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Chromosomal Abnormalities and Prognosis in NPM1-Mutated Acute Myeloid Leukemia: A Pooled Analysis of Individual Patient Data From Nine International Cohorts.

Angenendt, Linus; Röllig, Christoph; Montesinos, Pau; Martínez-Cuadrón, David; Barragan, Eva; García, Raimundo; Botella, Carmen; Martínez, Pilar; Ravandi, Farhad; Kadia, Tapan; Kantarjian, Hagop M; Cortes, Jorge; Juliusson, Gunnar; Lazarevic, Vladimir; Höglund, Martin; Lehmann, Sören; Recher, Christian; Pigneux, Arnaud; Bertoli, Sarah; Dumas, Pierre-Yves; Dombret, Hervé; Preudhomme, Claude; Micol, Jean-Baptiste; Terré, Christine; Rácil, Zdenek; Novák, Jan; Zák, Pavel; Wei, Andrew H; Tiong, Ing S; Wall, Meaghan; Estey, Elihu; Shaw, Carole; Exeler, Rita; Wagenführ, Lisa; Stölzel, Friedrich; Thiede, Christian; Stelljes, Matthias; Lenz, Georg; Mikesch, Jan-Henrik; Serve, Hubert; Ehninger, Gerhard; Berdel, Wolfgang E; Kramer, Michael; Krug, Utz; Schliemann, Christoph.
J Clin Oncol; 37(29): 2632-2642, 2019 Oct 10.
Artigo em Inglês | MEDLINE | ID: mdl-31430225

PURPOSE:

Nucleophosmin 1 (NPM1) mutations are associated with a favorable prognosis in acute myeloid leukemia (AML) when an internal tandem duplication (ITD) in the fms-related tyrosine kinase 3 gene (FLT3) is absent (FLT3-ITDneg) or present with a low allelic ratio (FLT3-ITDlow). The 2017 European LeukemiaNet guidelines assume this is true regardless of accompanying cytogenetic abnormalities. We investigated the validity of this assumption.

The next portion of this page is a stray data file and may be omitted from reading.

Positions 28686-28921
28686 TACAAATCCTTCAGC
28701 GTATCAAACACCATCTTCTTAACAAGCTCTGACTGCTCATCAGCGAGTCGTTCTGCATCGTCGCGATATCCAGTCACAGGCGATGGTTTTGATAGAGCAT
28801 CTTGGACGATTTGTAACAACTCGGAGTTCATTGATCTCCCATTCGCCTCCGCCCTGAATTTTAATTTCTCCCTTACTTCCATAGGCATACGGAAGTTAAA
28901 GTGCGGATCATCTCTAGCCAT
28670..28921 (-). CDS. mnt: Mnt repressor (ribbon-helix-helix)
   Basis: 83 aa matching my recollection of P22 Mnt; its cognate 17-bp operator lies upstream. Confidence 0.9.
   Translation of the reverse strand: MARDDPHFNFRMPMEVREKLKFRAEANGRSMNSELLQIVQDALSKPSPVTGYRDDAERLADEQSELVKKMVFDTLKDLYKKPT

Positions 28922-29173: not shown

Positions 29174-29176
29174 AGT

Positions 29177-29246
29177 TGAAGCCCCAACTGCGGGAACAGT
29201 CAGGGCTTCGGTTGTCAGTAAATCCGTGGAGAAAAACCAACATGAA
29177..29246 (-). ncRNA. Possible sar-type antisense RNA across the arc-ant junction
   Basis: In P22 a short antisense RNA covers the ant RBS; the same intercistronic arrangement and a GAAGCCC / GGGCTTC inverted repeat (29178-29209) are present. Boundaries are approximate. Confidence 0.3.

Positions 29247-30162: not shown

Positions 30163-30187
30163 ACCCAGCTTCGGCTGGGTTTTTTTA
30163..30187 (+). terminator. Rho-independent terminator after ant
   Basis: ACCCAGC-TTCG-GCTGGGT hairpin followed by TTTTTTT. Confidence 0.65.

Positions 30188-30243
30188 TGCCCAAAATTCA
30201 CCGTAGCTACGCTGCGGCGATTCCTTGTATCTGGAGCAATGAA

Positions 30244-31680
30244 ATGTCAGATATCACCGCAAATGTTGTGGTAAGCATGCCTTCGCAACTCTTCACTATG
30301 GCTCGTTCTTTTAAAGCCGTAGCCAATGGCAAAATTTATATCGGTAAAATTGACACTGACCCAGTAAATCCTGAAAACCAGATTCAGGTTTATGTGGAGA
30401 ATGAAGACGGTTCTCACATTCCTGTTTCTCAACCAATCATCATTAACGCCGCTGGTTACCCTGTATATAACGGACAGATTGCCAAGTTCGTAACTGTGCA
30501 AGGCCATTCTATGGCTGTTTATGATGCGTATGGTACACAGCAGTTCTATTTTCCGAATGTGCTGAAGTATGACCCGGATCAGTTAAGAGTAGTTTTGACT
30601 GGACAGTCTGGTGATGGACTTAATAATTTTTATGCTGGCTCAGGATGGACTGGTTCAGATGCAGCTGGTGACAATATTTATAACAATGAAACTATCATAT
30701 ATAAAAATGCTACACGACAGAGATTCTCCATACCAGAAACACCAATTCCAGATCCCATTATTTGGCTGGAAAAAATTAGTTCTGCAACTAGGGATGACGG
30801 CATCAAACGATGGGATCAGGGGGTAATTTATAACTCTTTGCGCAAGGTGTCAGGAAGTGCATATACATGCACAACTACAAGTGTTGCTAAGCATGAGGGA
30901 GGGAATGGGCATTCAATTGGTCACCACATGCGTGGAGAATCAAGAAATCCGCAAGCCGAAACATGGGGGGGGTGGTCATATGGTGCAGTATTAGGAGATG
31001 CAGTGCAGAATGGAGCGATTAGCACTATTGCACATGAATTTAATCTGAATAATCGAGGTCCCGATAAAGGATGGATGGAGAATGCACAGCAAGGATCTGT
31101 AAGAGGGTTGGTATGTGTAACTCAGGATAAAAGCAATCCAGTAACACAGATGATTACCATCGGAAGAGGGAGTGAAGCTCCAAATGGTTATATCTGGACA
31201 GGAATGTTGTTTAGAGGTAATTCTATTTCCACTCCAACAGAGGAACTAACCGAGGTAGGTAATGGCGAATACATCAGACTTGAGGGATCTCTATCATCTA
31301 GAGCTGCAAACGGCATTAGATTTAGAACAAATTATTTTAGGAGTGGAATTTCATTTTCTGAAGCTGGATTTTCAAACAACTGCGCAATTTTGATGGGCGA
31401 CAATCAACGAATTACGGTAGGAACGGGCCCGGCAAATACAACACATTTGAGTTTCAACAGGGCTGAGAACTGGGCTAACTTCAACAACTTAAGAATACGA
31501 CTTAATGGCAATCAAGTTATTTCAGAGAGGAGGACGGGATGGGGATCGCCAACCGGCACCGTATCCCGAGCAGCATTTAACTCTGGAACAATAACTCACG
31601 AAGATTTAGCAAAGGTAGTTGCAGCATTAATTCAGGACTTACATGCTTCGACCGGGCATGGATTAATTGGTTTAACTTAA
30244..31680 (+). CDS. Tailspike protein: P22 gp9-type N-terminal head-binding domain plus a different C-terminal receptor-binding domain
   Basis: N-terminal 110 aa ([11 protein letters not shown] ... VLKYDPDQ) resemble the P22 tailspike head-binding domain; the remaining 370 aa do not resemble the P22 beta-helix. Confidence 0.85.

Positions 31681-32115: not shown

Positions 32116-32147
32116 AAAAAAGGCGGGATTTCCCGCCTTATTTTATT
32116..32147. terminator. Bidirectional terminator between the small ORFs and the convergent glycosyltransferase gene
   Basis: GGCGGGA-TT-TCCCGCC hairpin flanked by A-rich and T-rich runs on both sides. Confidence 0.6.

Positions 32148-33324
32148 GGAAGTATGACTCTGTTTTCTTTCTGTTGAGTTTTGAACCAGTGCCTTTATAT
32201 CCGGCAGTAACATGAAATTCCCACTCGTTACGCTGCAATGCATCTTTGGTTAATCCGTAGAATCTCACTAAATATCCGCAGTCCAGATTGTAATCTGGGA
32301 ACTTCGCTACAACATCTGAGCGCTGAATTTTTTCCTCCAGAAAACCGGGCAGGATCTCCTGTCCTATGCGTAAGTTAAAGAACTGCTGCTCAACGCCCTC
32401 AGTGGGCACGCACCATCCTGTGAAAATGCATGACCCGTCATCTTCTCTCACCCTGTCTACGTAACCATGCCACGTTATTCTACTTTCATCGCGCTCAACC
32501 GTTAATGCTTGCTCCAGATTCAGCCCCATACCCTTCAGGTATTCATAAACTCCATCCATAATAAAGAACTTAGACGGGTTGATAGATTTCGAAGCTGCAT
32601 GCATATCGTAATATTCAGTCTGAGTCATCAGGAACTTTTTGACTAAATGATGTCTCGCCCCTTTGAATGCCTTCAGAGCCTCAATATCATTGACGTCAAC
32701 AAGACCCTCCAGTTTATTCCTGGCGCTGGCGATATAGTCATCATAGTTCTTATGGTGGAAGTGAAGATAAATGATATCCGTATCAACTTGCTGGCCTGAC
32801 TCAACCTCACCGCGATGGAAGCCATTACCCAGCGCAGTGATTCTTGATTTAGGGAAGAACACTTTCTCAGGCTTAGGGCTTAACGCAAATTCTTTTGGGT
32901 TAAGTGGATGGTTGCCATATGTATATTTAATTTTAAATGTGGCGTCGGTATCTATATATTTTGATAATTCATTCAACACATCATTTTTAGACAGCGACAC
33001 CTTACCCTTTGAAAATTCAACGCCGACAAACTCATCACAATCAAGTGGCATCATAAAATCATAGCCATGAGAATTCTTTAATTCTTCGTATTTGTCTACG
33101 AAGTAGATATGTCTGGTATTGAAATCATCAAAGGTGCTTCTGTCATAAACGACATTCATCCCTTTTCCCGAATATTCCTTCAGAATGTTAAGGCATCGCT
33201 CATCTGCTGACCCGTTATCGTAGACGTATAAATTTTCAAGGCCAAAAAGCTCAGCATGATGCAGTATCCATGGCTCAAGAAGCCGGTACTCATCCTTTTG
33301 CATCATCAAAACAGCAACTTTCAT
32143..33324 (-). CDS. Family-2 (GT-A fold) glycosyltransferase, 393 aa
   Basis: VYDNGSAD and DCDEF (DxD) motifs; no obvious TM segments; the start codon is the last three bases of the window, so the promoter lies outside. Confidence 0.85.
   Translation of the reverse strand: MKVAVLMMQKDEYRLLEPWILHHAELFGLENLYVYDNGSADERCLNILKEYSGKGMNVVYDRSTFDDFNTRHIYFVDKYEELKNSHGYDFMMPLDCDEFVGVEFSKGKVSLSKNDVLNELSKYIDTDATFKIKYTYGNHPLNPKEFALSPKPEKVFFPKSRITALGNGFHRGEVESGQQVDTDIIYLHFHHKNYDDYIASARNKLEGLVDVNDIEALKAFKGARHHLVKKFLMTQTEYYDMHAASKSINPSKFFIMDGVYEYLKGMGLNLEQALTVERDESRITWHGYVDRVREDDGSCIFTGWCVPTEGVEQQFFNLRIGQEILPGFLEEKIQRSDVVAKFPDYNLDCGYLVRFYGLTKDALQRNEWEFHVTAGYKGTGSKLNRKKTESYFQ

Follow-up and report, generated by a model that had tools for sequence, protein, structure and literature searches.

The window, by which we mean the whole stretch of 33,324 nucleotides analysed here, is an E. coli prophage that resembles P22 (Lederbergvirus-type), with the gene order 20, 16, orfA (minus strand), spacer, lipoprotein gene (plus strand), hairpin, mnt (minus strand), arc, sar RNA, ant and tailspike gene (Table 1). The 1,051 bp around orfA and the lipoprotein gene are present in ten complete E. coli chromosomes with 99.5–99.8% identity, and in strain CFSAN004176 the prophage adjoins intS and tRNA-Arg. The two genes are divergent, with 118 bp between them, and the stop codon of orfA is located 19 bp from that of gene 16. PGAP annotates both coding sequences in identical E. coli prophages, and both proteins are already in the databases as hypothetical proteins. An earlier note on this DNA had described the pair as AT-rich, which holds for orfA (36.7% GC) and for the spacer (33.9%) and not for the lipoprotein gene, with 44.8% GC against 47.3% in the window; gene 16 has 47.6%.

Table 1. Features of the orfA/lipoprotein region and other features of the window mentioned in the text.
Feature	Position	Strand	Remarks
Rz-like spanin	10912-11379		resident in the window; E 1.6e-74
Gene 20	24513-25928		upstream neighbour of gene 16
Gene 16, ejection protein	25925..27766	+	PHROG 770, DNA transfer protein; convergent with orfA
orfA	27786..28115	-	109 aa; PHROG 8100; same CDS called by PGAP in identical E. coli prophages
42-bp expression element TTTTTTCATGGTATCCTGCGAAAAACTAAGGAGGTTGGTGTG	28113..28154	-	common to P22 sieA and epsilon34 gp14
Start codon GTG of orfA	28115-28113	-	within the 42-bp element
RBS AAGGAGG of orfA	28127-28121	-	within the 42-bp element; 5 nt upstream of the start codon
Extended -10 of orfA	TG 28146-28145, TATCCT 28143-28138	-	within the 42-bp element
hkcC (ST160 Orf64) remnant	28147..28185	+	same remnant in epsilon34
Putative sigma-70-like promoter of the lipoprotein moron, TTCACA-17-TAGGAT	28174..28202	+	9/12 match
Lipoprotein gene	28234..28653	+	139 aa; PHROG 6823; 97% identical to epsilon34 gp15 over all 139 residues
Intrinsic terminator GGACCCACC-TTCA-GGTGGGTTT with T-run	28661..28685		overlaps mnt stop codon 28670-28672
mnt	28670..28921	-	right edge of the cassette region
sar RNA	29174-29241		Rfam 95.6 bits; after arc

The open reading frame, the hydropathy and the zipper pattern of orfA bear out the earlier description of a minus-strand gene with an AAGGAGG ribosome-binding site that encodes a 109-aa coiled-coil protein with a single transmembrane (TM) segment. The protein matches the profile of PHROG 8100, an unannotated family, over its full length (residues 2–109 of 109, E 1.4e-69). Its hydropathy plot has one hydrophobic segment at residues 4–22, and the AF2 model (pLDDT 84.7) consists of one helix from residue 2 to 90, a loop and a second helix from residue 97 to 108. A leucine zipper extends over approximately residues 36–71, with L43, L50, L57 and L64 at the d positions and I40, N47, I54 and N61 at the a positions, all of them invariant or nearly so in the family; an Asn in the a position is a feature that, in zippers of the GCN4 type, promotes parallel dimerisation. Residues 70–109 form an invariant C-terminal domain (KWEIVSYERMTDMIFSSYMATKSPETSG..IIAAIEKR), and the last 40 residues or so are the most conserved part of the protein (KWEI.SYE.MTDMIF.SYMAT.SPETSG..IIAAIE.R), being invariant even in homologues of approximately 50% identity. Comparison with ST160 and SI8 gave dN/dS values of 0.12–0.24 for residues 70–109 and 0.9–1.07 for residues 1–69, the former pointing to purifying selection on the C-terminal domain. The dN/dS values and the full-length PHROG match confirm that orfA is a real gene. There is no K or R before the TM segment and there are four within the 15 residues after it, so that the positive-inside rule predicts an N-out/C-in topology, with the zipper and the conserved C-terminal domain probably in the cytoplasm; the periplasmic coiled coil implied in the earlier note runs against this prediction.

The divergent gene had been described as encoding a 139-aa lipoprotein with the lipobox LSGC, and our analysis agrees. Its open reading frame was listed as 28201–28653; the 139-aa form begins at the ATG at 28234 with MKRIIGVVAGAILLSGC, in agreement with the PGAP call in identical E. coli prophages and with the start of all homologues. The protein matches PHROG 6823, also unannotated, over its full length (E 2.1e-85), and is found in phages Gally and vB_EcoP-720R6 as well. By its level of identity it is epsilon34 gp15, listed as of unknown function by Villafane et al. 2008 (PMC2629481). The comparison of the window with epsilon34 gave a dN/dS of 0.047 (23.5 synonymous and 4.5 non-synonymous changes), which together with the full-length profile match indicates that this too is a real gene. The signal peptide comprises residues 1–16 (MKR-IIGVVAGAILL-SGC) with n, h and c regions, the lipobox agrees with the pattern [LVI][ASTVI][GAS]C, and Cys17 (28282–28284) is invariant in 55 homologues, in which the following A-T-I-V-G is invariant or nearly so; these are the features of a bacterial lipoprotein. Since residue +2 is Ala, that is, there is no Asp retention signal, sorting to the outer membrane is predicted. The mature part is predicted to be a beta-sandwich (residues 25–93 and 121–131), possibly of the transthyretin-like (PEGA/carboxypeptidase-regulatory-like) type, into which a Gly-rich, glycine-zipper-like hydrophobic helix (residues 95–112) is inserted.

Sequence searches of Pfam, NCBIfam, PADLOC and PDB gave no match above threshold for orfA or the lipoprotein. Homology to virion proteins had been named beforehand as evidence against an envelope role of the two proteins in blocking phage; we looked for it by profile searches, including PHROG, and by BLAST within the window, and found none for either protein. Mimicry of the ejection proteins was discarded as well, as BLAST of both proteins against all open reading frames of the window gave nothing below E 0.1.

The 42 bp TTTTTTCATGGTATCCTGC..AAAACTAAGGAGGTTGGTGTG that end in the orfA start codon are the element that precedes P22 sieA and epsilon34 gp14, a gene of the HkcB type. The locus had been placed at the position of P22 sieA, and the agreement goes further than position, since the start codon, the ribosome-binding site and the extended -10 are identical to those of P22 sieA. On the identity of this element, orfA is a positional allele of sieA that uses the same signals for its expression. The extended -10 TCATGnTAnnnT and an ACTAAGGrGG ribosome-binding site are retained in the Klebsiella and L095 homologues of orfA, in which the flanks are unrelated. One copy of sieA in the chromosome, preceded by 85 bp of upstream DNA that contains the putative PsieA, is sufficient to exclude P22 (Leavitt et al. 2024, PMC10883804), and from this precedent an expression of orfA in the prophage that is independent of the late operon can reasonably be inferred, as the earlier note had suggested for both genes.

METHODS:

We analyzed associations between karyotype and outcome in intensively treated patients with NPM1mut/FLT3-ITDneg/low AML who were prospectively enrolled in registry databases from nine international study groups or treatment centers.

RESULTS:

Among 2,426 patients with NPM1mut/FLT3-ITDneg/low AML, 2,000 (82.4%) had a normal and 426 (17.6%) had an abnormal karyotype, including 329 patients (13.6%) with intermediate and 83 patients (3.4%) with adverse-risk chromosomal abnormalities. In patients with NPM1mut/FLT3-ITDneg/low AML, adverse cytogenetics were associated with lower complete remission rates (87.7%, 86.0%, and 66.3% for normal, aberrant intermediate, and adverse karyotype, respectively; P < .001), inferior 5-year overall (52.4%, 44.8%, 19.5%, respectively; P < .001) and event-free survival (40.6%, 36.0%, 18.1%, respectively; P < .001), and a higher 5-year cumulative incidence of relapse (43.6%, 44.2%, 51.9%, respectively; P = .0012). These associations remained in multivariable mixed-effects regression analyses adjusted for known clinicopathologic risk factors (P < .001 for all end points). In patients with adverse-risk chromosomal aberrations, we found no significant influence of the NPM1 mutational status on outcome.

CONCLUSION:

Karyotype abnormalities are significantly associated with outcome in NPM1mut/FLT3-ITDneg/low AML. When adverse-risk cytogenetics are present, patients with NPM1mut share the same unfavorable prognosis as patients with NPM1 wild type and should be classified and treated accordingly. Thus, cytogenetic risk predominates over molecular risk in NPM1mut/FLT3-ITDneg/low AML.
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